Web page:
10 Downing Street has started devising schemes to ease coronavirus restrictions in order to slowly get the country back to work and avoid plunging the national economy into a full-fledged crisis. However, many believe that these efforts have been too swift.
Trade unions slammed “incomplete” back-to-work guidelines drafted by the UK government while reportedly threatening to stage mass walkouts if health safety demands are not fulfilled, according to the Daily Mail.
The Department for Business, Energy and Industrial Strategy (BEIS) has drafted a “road map” to safeguard the staffers returning to their work places after the coronavirus lockdown is over, which has been privately circulating throughout the weekend. The proposed measures are believed to include limiting the number of people in the offices, banning hot-desking (a practice when the office desks are allocated on rotating basis) and reducing access to communal facilities.
However, according to the acting general secretary of the GMB union, John Phillips, these guidelines have been made in a visible hurry without proper consultations being conducted with unions.
“Giving unions and employers just 12 hours to respond is not good enough and means crucial changes will not be made. We cannot endorse crucial guidance if it is incomplete”, he added. “As it stands, there is nothing on PPE, nothing on enforcement to ensure workplaces are safe and nothing giving workers the assurances they need to get back to their jobs.”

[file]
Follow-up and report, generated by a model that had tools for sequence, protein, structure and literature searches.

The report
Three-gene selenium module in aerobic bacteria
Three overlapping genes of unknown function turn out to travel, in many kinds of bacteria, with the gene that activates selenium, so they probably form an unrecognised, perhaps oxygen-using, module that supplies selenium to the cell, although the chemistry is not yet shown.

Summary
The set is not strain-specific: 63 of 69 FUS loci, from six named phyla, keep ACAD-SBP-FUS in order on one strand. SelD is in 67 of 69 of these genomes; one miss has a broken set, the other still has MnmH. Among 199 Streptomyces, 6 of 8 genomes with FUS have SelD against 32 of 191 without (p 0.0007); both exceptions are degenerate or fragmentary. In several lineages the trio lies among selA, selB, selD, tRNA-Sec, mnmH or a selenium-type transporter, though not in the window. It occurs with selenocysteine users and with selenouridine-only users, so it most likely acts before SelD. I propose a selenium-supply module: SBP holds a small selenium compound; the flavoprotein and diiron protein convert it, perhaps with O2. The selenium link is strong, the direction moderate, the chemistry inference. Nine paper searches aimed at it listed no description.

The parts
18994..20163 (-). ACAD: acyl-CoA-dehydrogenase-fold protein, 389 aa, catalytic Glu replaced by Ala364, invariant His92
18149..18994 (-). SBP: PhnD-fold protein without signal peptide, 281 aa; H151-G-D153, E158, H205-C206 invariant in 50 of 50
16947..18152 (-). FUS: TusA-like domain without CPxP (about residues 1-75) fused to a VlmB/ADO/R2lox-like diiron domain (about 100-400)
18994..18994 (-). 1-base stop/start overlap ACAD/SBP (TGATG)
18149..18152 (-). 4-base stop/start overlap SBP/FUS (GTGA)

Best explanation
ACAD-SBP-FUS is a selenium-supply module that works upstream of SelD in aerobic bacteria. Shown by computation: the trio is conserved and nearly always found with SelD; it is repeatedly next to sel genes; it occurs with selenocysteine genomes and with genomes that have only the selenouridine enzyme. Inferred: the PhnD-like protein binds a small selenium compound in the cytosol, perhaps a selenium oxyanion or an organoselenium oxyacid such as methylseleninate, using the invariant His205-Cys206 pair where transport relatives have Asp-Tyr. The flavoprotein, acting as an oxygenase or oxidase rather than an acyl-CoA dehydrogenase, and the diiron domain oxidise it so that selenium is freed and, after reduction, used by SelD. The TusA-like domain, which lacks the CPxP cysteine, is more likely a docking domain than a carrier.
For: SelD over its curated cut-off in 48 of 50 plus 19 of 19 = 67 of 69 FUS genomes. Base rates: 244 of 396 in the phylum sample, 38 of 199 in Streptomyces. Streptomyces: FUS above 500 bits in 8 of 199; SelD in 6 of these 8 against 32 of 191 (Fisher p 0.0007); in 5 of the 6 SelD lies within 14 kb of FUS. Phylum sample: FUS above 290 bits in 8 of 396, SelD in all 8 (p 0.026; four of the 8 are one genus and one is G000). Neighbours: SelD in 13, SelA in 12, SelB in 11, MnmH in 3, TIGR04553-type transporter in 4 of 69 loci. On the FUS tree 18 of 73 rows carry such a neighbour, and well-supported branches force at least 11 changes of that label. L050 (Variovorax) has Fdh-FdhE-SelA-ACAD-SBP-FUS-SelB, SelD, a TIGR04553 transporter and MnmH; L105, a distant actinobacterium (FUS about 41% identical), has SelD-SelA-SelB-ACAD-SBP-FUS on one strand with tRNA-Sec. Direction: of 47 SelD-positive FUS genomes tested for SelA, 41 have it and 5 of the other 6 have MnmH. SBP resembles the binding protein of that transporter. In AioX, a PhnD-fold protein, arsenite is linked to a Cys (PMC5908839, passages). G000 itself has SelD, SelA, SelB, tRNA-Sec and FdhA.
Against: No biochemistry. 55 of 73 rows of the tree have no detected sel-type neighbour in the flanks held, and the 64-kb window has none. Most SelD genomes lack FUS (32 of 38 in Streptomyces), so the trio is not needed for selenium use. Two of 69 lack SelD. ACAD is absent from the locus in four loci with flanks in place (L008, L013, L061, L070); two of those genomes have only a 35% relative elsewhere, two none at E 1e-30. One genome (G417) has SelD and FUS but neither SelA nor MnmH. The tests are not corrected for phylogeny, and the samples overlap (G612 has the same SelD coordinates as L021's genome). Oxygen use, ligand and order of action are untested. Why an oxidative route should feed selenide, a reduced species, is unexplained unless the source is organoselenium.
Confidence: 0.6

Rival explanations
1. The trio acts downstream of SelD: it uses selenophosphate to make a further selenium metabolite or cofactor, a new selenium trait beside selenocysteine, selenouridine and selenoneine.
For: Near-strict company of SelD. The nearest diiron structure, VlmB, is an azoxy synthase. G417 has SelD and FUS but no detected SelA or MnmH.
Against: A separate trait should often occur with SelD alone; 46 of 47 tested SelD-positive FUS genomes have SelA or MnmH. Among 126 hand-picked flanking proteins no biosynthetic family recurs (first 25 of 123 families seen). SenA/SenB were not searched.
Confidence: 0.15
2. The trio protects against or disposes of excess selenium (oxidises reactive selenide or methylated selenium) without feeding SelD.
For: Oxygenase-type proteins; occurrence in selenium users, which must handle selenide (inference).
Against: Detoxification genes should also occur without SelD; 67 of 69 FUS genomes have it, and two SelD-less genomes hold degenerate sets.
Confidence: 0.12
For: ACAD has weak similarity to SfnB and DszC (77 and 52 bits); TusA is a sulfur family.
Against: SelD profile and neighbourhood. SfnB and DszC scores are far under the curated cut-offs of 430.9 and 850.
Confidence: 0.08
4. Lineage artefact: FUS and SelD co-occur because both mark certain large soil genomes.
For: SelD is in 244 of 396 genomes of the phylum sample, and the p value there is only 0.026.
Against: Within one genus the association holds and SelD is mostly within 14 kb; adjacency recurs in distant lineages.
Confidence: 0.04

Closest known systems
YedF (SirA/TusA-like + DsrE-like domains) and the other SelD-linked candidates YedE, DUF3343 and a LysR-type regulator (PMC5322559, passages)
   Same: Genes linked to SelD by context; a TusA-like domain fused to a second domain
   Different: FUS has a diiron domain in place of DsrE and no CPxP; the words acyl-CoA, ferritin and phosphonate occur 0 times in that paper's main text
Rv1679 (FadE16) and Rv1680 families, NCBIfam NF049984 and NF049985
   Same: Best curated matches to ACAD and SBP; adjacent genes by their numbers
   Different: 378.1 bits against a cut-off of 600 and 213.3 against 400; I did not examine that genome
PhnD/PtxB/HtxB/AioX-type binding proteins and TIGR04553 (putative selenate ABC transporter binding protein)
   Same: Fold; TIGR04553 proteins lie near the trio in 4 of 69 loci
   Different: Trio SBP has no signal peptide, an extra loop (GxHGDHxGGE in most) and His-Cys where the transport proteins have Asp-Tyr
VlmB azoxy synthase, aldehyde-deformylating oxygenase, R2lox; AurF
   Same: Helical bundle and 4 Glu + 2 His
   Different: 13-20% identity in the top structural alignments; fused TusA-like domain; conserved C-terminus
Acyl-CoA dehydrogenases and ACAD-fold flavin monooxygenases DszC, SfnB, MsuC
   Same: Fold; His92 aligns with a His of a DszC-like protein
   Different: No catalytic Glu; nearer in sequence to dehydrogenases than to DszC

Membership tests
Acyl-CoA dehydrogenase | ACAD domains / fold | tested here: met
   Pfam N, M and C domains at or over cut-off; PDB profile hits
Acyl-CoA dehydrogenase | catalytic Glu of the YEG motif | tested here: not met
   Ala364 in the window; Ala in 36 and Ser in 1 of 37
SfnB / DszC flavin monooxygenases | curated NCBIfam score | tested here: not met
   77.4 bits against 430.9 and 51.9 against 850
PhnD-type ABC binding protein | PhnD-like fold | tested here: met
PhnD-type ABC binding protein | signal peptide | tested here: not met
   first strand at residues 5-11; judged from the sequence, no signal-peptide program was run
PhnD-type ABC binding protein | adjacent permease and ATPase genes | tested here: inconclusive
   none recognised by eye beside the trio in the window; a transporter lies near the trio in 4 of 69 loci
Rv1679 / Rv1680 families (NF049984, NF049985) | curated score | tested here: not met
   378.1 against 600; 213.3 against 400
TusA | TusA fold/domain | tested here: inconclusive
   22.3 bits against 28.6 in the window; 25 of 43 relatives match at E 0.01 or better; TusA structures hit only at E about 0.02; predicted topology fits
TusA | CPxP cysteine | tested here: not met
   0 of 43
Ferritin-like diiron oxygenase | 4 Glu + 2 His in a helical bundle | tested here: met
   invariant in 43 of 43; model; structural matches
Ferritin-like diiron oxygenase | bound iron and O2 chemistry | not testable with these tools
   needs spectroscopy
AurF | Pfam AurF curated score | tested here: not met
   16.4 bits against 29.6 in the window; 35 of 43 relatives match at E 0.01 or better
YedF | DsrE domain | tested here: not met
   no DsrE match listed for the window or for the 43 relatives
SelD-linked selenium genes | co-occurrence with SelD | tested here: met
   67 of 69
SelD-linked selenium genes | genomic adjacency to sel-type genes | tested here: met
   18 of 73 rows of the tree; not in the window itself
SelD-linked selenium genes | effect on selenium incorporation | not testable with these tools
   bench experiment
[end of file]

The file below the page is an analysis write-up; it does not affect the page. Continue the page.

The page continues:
This was also echoed by the generally secretary of TUC, Frances O’Grady, who said that “unless the Government significantly strengthens its plans, safe working will not be guaranteed. The current proposals fail to provide clear direction to those employers who want to act responsibly.”
The new Labour head Keir Starmer said during a Good Morning Britain interview on Tuesday that British people were “worried” about the end of lockdown and going back to work while seeking a “high level of reassurance” from the government. He also jabbed that the personal protective equipment was not simply as “luxury item” that would be “nice” to have.
REUTERS / Handout .British opposition Labour leader Keir Starmer speaks during Prime Minister’s Questions in the House of Commons Chamber in London, Britain, April 29, 2020
With 191,832 coronavirus cases registered in the UK and third-highest death-toll from the virus in the world as on 5 May, the government was slowly planning to return the nation back to work in a bid to avoid drastic economic shocks. It is believed that the guidelines proposed by BEIS set to contain the virus’s spread while some industries are bound to re-open could stay in place for up to 12 months.